Initiatives and Referenda Cleared for Circulation

The Attorney General prepares a circulating title and summary of the chief purpose and points of a proposed initiative measure. Proposed initiative measures are cleared for circulation on the day the circulating title and summary is sent to the initiative proponent(s). No petition may be circulated for signatures before it has been cleared to do so by the Attorney General.

Please note: Counties have 8 working days after a proposed initiative measure's circulation deadline (Elections Code section 9030(b)) to notify the Secretary of State's Office if any petition signatures were received. If no signatures are submitted, a proposed initiative measure will fail on the 9th working day after its circulation deadline.

  

1867. (19-0006A1)
REQUIRES MONETARY BAIL. INITIATIVE CONSTITUTIONAL AMENDMENT. 
 
Summary Date: 09/19/19 | Circulation Deadline: 03/17/20 | Signatures Required: 997,139
Proponent(s): Thomas W. Hiltachk

Amends state Constitution to require that monetary bail be included as a means to obtain release from jail before trial, except when arrested for specified crimes excluded under current law (i.e., capital crimes, certain felonies involving violence, sexual assault, or threat of great bodily harm). Amends state Constitution to add definition of “bail” as cash, state or federal bonds, real property, or bond posted by a licensed bail agent on behalf of a licensed surety company. Summary of estimate by Legislative Analyst and Director of Finance of fiscal impact on state and local governments: If voters uphold the state’s pending pretrial release process, unknown net fiscal effect on state and local governments related to changes in pretrial release proceedings and the supervision of released individuals. Likely reduction in local government costs, that could reach the low tens of millions of dollars annually, from a reduction in the number of individuals or amount of time they spend detained in county jail prior to trial. If voters reject the state’s pending pretrial release process, unknown fiscal effect on state and local governments. Fiscal effect would depend on whether the Legislature chooses to establish a new pretrial release process as authorized by this measure and how such a process would function, as well as whether the Legislature could have otherwise established such a process under preexisting authority. (19-0006.)

1870. (19-0008A1)
INCREASES FUNDING FOR PUBLIC SCHOOLS, COMMUNITY COLLEGES, AND LOCAL GOVERNMENT SERVICES BY CHANGING TAX ASSESSMENT OF COMMERCIAL AND INDUSTRIAL PROPERTY. INITIATIVE CONSTITUTIONAL AMENDMENT. 
Summary Date: 10/17/19 | Circulation Deadline: 04/14/20 | Signatures Required: 997,139
Proponent(s): Anthony Thigpenn, Benjamin McBride, Carol Moon Goldberg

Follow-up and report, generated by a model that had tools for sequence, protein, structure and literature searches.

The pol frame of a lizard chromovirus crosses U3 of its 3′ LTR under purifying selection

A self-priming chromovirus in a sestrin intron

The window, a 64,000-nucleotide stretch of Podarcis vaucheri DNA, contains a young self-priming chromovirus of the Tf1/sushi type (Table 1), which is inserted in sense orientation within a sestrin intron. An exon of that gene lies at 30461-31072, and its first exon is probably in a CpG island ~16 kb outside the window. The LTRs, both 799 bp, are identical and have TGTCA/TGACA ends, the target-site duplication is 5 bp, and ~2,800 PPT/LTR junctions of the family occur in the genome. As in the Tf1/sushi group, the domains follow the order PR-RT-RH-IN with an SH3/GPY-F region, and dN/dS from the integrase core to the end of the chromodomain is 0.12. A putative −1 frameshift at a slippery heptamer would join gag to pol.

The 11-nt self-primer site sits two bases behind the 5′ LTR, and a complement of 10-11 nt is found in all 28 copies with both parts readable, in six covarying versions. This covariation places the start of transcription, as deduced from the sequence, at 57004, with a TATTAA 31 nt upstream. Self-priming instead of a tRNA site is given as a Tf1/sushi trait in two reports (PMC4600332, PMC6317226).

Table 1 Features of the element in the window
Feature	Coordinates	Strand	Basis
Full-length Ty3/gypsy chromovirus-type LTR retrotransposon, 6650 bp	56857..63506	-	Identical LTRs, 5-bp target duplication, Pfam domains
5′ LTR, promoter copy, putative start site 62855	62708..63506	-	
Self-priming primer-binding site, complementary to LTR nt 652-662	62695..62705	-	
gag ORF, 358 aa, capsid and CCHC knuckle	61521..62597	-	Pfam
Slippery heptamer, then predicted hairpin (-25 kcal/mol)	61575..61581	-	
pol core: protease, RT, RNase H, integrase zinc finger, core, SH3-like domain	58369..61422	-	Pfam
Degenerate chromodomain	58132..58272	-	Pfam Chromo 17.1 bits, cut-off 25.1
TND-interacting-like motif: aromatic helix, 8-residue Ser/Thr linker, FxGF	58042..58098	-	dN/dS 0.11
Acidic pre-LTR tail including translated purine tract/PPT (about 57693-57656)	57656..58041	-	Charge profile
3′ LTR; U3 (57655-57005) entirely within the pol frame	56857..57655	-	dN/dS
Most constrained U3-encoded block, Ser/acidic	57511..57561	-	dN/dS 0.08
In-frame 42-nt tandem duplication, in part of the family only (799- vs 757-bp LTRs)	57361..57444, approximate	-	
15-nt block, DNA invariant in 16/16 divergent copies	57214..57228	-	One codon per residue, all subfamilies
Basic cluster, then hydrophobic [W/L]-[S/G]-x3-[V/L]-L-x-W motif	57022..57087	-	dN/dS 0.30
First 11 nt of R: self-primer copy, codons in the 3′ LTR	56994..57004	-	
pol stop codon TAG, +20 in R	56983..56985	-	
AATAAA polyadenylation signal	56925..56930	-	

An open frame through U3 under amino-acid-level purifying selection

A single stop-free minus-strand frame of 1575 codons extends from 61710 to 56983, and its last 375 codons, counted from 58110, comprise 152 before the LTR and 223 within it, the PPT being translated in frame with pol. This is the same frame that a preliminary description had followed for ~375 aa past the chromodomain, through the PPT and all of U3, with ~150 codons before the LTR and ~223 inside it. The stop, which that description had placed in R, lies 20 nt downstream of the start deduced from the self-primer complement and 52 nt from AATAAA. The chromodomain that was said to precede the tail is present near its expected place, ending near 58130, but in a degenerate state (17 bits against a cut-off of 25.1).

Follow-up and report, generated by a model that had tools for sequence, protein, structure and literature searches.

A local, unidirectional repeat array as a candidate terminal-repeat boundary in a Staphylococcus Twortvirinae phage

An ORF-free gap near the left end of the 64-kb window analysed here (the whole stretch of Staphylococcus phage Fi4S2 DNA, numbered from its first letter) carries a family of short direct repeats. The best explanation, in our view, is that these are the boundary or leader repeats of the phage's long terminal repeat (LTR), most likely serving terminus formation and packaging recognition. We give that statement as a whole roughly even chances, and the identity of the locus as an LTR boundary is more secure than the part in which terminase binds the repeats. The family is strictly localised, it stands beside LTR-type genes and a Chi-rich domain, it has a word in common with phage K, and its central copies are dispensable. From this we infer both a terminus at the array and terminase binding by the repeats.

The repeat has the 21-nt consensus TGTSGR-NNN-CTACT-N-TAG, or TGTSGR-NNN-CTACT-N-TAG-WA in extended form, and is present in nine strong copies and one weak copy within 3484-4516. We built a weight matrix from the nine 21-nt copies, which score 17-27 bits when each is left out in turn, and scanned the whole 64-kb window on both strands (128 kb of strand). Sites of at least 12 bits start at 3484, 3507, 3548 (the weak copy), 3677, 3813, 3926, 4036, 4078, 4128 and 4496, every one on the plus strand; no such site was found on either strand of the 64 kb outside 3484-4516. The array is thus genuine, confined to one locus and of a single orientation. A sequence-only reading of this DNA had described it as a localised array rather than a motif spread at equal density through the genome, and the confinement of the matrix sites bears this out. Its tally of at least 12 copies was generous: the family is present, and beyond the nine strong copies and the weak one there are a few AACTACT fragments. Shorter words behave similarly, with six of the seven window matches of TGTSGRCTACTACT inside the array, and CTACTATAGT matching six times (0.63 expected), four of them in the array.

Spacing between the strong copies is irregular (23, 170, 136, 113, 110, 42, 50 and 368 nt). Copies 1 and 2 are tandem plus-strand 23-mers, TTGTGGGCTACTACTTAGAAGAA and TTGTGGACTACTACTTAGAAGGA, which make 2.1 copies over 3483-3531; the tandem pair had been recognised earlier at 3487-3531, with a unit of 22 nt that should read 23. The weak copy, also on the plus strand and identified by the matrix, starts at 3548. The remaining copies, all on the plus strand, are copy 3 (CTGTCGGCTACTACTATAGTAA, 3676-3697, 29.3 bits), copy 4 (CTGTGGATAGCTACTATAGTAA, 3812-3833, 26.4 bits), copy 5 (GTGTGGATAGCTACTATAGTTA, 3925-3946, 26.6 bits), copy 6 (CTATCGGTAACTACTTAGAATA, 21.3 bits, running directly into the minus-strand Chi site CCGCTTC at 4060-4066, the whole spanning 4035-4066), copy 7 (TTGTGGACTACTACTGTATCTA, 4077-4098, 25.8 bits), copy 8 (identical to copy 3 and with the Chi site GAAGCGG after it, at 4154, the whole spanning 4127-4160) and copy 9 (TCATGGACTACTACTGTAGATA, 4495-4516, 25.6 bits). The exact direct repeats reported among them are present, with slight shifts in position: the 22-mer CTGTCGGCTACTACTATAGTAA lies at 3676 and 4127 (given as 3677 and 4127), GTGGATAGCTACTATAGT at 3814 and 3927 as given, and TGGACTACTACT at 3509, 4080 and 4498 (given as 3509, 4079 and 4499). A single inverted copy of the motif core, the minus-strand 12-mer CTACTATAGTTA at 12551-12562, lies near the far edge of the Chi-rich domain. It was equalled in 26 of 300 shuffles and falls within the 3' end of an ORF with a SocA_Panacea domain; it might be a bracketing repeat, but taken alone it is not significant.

Increases funding for K-12 public schools, community colleges, and local governments by requiring that commercial and industrial real property be taxed based on current market value. Exempts from this change: residential properties; agricultural properties; and owners of commercial and industrial properties with combined value of $3 million or less. Increased education funding will supplement existing school funding guarantees. Exempts small businesses from personal property tax; for other businesses, exempts $500,000 worth of personal property. Summary of estimate by Legislative Analyst and Director of Finance of fiscal impact on state and local governments: Net increase in annual property tax revenues of $7.5 billion to $12 billion in most years, depending on the strength of real estate markets. After backfilling state income tax losses related to the measure and paying for county administrative costs, the remaining $6.5 billion to $11.5 billion would be allocated to schools (40 percent) and other local governments (60 percent). (19-0008A1.)

1871. (19-0009)
AUTHORIZES ELECTRONIC SIGNATURE GATHERING FOR INITIATIVE, REFERENDUM, AND RECALL PETITIONS. INITIATIVE STATUTE.

Summary Date: 10/23/19 | Circulation Deadline: 04/20/20 | Signatures Required: 623,212
Proponent(s): Michael Freeman Liddell

Requires Secretary of State to develop a system that allows voters to view state and local initiative, referendum, and recall petitions on Secretary of State’s website and to sign them electronically directly on the website, or to download, print, and sign the printed petitions. Requires Secretary of State or local elections official to verify these signatures. Requires Secretary of State to invite arguments for and against petitions, and to post submitted arguments on website. Requires Secretary of State’s website to include ongoing tally of each measure’s signatures received electronically or on downloaded petitions. Summary of estimate by Legislative Analyst and Director of Finance of fiscal impact on state and local governments: One-time state and local government costs in the millions of dollars or more to develop an online system for electronic petition signature gathering. Potential net costs or savings due to changed state and local government processes for verifying petition signatures. (19-0009.)

1872. (19-00010)
EXPANDS LEGALIZATION OF CANNABIS AND HEMP. INITIATIVE STATUTE.